Curtiss Conqueror V-1570-53 (G1V-1570-F), V-12 Engine


Display Status:

This object is not on display at the National Air and Space Museum. It is either on loan or in storage.

Collection Item Summary:

Glenn Curtiss of Hammondsport, New York, who built and raced bicycles early in the twentieth century, later raced, designed and built motorcycles and motorcycle engines. In 1904, a 5.2 kW (7-hp) Curtiss air-cooled engine powered a small dirigible, his first entry into aviation. Later in that decade, to achieve higher power, Curtiss developed liquid-cooled engines for aviation. A 1931 merger of the two famous aeronautical pioneers formed the Curtiss-Wright Corporation.

The Conqueror was an outgrowth of the famous D-12, which had largely resulted from Curtiss collaborations with Charles B. Kirkham and Arthur Nutt, and was the last of the Curtiss liquid-cooled engine series to enter production. Between 1931 and 1937, 681 Conqueror engines were manufactured with both direct and geared drives that powered high-performance military and racing aircraft. The geared Conqueror G1V-1570-F powered the Douglas YO-31A and C, Douglas XO-35 and Y1O-35, and Douglas Y1O-43.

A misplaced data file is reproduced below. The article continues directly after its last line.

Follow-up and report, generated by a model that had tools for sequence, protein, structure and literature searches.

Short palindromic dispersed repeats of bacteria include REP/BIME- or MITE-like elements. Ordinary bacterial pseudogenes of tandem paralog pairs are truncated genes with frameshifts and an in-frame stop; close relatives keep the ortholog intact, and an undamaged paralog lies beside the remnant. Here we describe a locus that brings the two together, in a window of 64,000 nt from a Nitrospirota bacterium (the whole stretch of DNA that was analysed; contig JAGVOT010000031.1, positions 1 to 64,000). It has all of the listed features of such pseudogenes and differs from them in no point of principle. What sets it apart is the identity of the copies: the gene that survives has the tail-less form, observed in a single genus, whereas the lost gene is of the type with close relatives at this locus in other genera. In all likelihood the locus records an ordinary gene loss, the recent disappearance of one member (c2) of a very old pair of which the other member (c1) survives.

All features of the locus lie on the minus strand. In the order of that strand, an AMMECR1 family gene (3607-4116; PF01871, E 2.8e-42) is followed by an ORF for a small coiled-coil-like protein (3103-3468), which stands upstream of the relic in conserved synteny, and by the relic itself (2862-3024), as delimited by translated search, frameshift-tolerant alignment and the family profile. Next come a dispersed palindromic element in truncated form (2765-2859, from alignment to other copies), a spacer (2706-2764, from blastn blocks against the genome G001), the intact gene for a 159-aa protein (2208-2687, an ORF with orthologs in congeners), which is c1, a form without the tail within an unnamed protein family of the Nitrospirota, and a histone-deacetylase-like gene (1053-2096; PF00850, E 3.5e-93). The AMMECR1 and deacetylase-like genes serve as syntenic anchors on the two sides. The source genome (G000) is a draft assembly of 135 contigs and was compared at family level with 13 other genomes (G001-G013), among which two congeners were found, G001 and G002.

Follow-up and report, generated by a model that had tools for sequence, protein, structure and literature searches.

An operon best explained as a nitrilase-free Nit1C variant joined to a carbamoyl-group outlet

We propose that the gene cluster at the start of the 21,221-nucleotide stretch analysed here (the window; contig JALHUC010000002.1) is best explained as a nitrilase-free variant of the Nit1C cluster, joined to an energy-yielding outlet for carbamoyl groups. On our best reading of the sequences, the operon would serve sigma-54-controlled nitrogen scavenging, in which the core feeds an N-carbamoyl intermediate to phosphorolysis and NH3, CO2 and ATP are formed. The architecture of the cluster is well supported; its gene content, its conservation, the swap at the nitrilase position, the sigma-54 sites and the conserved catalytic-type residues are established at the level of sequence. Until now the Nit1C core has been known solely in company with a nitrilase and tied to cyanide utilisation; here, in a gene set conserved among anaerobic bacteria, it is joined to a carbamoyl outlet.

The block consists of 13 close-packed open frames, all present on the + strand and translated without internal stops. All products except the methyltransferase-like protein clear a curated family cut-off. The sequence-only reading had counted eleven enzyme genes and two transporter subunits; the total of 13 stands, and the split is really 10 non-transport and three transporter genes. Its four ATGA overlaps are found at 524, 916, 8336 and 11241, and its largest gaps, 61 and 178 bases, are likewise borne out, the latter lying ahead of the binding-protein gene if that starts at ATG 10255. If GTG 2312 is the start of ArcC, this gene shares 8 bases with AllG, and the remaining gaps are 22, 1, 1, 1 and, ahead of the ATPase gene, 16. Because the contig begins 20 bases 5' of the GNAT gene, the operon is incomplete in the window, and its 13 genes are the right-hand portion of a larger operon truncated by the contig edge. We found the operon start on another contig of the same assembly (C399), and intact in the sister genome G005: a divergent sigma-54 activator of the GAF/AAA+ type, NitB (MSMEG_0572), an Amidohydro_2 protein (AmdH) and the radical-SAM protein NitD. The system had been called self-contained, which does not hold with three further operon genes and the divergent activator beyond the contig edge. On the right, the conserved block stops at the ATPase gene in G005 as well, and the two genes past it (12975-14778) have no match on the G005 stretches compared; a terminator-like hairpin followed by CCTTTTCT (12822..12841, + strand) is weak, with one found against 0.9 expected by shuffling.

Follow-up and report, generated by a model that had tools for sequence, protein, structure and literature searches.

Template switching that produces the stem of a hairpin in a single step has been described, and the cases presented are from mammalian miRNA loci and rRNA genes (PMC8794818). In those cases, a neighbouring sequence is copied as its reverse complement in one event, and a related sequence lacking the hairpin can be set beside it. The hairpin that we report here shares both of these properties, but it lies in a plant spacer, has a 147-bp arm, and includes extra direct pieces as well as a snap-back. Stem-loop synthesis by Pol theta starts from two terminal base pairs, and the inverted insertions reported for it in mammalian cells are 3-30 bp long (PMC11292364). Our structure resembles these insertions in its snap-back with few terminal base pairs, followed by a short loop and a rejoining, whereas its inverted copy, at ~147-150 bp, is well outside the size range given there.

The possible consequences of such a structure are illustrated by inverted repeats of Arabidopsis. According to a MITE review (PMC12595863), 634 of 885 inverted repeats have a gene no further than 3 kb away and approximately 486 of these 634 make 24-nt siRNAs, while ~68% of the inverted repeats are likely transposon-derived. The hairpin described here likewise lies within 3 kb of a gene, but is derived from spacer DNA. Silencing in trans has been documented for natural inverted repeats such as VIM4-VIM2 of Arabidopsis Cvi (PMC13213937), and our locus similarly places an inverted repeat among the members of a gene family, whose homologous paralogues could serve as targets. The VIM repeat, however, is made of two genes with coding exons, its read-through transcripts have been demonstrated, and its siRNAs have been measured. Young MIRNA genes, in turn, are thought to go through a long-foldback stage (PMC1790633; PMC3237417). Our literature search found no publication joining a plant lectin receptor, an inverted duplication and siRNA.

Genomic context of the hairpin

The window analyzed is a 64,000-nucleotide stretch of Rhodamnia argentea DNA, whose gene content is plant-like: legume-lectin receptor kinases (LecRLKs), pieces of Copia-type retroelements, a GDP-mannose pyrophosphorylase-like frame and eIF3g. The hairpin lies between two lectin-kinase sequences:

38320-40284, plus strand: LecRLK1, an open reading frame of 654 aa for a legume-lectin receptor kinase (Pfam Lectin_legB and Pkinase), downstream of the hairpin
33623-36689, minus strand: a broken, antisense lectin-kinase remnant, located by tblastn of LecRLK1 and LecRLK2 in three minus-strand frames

Collection Item Long Description:


Circa 1928

Inventory Number


Physical Description

  • Type: Reciprocating, 12-cylinders, V-type, liquid-cooled
  • Power: 447 kw (600 hp) at 2,450 rpm
  • Displacement: 25.7 L (1,569 cu in.)
  • Bore and Stroke: 130.2 mm (5.125 in.) x 158.8 mm (6.25 in.)
  • Weight: 460.4 kg (1,015 lb)

Credit Line

Exchange with T. G. Vorhees

Country of Origin

United States of America


Aluminum, Steel, Copper, Magnesium, Rubber, Paint, Brass, Textile


Length 129.5 cm (51 in.), Width 66.0 cm (26 in.), Height 90.64 cm (35. 69 in.)

Data Source

National Air and Space Museum

Restrictions & Rights

Do not reproduce without permission from the Smithsonian Institution, National Air and Space Museum


PROPULSION-Reciprocating & Rotary